There should be a rent control.

    Taking the minimum wage as base.
    Its a simple math. Is said that you should spend a maximum of 30% of your salary on the rent. Considering dublin is expensive, lets say its 35-40%.

    Then, a rent, one bedroom should be 570,96.
    The price for bedroom should be 570,96. 2 bedrooms, 1141,92 and so...

    Simple like that.

    • Reply to this message
  • Re: The Daft Rental Report Q2 2016

    Posted By: Susan Kelly Date: Friday August 26, 2016 @01:48PM

    The cost of rent in Dublin is appalling. Dublin in itself is expensive enough as far a food shopping,entertainment,gas and electric bills. Then add on a high rent it pretty much eats your entire paycheck which leaves zero room to put any money away for savings, which means no saving for a deposit to try and buy your own home. It's a vicious circle we live in Dublin not because we really want to but because this is where the jobs are. The government really need to put a cap on rent and also set some serious guidelines when it comes to renting a home/rooms.

    • Reply to this message
  • Re: The Daft Rental Report Q2 2016

    Posted By: Anonymous Poster Date: Friday August 26, 2016 @11:48PM

    The interesting thing, that when the houses were very cheap, nobody wanted to buy them, tenants didn't complaind when the rents were cheap, and the landlord's were loosing money. I bought my house 3 years ago for 50000 and rent it now for 1300.

    • Reply to this message
  • Re: The Daft Rental Report Q2 2016

    Posted By: Jen Date: Saturday August 27, 2016 @10:54PM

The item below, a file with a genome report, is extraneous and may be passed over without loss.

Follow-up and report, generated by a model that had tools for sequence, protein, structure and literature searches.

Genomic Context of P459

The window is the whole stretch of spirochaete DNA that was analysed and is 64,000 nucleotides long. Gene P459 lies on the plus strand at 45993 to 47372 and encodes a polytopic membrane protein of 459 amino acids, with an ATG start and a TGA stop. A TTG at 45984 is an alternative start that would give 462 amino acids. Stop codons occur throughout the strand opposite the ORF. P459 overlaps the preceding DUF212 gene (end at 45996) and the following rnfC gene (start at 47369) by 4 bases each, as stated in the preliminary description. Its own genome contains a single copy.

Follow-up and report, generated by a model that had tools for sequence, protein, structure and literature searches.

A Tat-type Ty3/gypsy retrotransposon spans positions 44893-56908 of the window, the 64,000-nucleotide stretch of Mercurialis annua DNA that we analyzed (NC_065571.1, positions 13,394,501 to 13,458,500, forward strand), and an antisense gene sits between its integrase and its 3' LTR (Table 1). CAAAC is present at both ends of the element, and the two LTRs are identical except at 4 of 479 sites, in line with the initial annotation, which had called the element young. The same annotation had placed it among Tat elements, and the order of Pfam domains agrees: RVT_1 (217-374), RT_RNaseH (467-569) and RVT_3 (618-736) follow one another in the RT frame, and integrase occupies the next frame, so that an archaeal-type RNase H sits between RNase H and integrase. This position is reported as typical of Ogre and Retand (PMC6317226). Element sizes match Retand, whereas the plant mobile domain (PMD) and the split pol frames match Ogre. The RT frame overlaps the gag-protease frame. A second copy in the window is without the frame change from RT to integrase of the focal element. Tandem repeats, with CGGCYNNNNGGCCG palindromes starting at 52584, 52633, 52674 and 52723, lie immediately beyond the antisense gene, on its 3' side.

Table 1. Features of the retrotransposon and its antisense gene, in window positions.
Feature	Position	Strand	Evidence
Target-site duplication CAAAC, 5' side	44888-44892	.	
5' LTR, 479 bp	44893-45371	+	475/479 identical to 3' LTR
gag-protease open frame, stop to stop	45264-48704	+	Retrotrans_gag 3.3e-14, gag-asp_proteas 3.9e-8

To the person in the comments that said 'I think people should just buy and not rent' - wow, oh my God, how did we not think of this idea before? Oh wait, we did. Everyone of us wants to buy but the economic storm that the generation before us caused, means that none of us can actually buy a house. Why not? I'll tell you why not. The banks won't give you a mortgage, and if they do, you won't get one big enough to afford a house prices are through the roof costing more than 10x the average income. Oh and even if you are on a high income and you think you will get a big mortgage, well you're wrong, because they won't give it to you unless you have 20% deposit, which is impossible to save when you are forking out the highest rents this country has ever seen. And while you are telling us all to simply just buy a house, everyone else is telling us to stay renting because 'sure don't they all rent on the continent?' - yes, they all rent on the continent, because their rental laws don't resemble something from the last century, people have actual tenancy security so they can make a home in a place knowing that they can stay for more than 12 months, and the landlords can't get away with renting out properties that resemble tenaments. Do you think I CHOOSE to live in a rented house paying dead money to my landlord? Yeah let's just all go out and buy a house, because it's so easy. Seriously, you have absolutely NO idea how hard it is.

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  • Re: The Daft Rental Report Q2 2016

    Posted By: Anonymous Poster Date: Sunday August 28, 2016 @08:19AM

    If landlords could keep 12k a year for properties they rented and not have to pay any tax on it, rents would fall considereably. Now they are charging 18k a year rent but only keeping 9k because of the tax that must be paid on the income.
    The gov't won't drive down the rent in private or public rents because they are making a fortune on the tax on the rents.